September 20, 2010

In a Tough Market, University Press Aims to Streamline Production

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Several University divisions took the first step in May in a three-year project to develop a book publishing model that will sustain academic research and publishing in an increasingly turbulent market. The Cornell University Press, Cornell University Library, and the German Studies department collaborated to publish a book series in German Studies called Signale: Modern German Letters, Cultures, and Thoughts.

The first two books of Signale are available for free online, in its entirety or in parts. They are also printed in a small press count of 500 copies and available through print on demand when printed copies run out

“We received a grant of $50,000 from The [Andrew W.] Mellon Foundation to come up with a strategy or a business model that will streamline the process, make the production cheaper, and continue to produce scholarly books without external sources of financial support,” said Terry Ehling, scholarly publishing strategist of the University Press.

Compared to thirty years ago, the University has reduced its subsidy to the Cornell University Press. The Press now obtains resources for production and publication mainly through its sales.

According to Kizer Walker, director of library collections development and managing editor of Signale, large publishers began raising the prices of books in the sciences about five years ago by several hundred percentage points. The increased prices squeezed Cornell’s library budget.

“Many libraries have stopped buying books in the smaller humanities because the target customer pool for those books is much smaller,” Walker said. “Lower sales made publishing in smaller humanities more difficult.”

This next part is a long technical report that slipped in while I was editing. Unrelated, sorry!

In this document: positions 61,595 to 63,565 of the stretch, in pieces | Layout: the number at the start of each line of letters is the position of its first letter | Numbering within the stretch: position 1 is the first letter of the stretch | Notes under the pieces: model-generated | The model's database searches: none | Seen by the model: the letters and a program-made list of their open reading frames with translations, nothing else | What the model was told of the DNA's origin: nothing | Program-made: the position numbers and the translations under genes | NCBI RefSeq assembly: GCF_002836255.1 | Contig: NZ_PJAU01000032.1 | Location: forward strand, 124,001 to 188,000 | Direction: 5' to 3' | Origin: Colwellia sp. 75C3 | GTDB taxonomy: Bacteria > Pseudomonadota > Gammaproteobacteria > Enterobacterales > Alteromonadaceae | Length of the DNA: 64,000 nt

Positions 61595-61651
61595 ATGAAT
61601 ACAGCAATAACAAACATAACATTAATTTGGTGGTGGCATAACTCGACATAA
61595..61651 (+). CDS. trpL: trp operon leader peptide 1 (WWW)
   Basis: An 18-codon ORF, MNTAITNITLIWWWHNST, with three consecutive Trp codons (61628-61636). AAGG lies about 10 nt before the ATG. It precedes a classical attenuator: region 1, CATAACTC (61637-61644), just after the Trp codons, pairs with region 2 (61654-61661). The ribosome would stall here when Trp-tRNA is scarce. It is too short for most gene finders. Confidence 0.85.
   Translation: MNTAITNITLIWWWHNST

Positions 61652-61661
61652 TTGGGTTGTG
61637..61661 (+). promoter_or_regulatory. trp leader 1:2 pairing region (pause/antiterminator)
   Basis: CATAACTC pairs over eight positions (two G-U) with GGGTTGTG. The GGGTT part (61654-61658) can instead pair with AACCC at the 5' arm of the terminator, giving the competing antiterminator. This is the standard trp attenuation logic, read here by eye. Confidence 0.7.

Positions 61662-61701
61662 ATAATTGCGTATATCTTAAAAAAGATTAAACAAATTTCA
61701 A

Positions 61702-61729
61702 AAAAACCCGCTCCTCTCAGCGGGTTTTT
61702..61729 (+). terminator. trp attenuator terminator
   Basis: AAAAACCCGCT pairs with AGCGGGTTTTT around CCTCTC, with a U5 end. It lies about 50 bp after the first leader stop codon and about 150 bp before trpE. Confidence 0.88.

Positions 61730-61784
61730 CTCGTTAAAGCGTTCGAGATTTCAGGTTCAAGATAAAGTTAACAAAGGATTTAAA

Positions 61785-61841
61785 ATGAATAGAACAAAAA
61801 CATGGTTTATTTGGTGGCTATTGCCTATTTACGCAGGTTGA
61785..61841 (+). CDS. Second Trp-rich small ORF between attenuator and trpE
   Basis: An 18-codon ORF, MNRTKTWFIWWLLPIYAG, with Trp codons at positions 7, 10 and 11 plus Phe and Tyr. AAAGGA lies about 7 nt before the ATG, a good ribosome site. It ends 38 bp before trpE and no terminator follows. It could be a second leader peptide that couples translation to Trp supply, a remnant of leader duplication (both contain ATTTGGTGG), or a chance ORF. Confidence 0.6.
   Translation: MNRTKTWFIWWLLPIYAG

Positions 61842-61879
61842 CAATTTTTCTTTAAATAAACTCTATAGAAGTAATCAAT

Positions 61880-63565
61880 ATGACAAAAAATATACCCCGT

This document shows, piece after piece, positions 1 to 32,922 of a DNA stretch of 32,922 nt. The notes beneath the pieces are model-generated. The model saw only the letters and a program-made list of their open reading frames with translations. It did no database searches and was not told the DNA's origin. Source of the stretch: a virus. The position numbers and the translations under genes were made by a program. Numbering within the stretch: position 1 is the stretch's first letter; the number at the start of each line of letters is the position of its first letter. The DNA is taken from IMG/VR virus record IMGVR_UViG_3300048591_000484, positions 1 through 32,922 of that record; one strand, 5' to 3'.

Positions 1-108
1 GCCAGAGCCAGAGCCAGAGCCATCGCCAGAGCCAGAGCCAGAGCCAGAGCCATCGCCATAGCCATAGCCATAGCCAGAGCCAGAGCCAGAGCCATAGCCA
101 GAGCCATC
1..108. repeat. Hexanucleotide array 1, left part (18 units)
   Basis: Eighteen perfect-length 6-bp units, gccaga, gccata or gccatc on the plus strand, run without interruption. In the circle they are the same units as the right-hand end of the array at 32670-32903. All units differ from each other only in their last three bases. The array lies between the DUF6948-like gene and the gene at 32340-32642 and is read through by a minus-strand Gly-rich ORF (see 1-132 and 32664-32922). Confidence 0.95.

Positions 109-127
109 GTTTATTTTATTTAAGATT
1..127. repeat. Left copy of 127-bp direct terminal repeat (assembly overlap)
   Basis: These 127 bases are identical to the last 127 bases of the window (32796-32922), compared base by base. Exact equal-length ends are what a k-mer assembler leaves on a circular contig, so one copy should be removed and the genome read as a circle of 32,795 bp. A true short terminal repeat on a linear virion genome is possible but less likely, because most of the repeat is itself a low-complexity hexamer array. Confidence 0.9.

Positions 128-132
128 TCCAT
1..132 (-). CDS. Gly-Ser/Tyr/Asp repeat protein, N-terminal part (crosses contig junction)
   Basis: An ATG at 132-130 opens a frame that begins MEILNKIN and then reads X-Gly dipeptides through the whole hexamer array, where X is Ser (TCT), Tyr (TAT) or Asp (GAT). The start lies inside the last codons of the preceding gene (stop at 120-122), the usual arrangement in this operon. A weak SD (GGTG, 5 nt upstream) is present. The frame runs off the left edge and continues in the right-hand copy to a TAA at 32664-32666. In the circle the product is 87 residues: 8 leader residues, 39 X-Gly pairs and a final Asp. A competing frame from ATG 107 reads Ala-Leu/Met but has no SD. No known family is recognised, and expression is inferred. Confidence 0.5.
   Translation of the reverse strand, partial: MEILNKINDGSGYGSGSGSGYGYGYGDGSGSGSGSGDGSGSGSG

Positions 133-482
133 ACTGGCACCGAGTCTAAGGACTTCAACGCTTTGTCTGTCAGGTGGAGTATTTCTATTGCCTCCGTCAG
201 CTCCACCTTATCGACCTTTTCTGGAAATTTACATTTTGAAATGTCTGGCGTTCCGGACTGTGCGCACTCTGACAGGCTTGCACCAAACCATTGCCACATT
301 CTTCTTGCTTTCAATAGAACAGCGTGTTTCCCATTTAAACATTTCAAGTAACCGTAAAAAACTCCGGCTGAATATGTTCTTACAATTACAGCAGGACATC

To support ongoing scholarship, the project to discover a sustainable model for academic publishing was conceived five years ago as an initiative to explore ways through which the University Library could function as a publisher and produce scholarly materials at a lower cost.

The initiative evolved into Signale. Like other monographs produced in the traditional manner at the University Press, manuscript submissions to the series undergo the same rigorous editorial and peer review.

“We produced the electronic book series with a print component because review committees that award tenure to professors would not accept electronic copies of books,” Walker said. “Therefore, if we don’t find a way to publish these books in a shrinking market for smaller humanities, professors will not be able to publish even their first book and get tenured. Hopefully, the success of Signale will alter the economics of scholarly publishing and it will encourage academies to think of changing their formats.”

Disciplines affected by these changes in the market encompass not only foreign language literature and cultural studies but also any specialized topics that receive relatively less attention.

“For example, history books about the American Civil War sell but maybe not books about the civil wars in other countries,” Walker said. “In general, books on obscure topics have smaller audiences and are subject to the debilitating conditions of academic publishing in the market.”

“The trend has been to limit such studies to articles, and to require a book to have a broader subject-matter. Specialized articles are good, and so are books with broad subject-matter,” said Prof. Walter Cohen, comparative literature, senior associate dean of the College of Arts and Sciences. “But they leave a hole in between. Some specialized topics demand relatively lengthy presentation. So this is another way in which the project can preserve and enhance scholarship.”

Besides the survival of scholarship in obscure areas, the Signale project focuses on the expansion of the book series’ accessibility through the creation of e-pub editions, Google editions, and iPad applications.

Walker and Tehling said they hope that success of Signale would encourage less popular fields to follow the model they developed through this project.

“Whether here or anywhere else, we hope that the model would allow the publishing in German Studies and other fields to break even,” Tehling said. “At least, we hope that they will be able to pay for the publication of the materials in their own fields.”

Original Author: Jackie Lam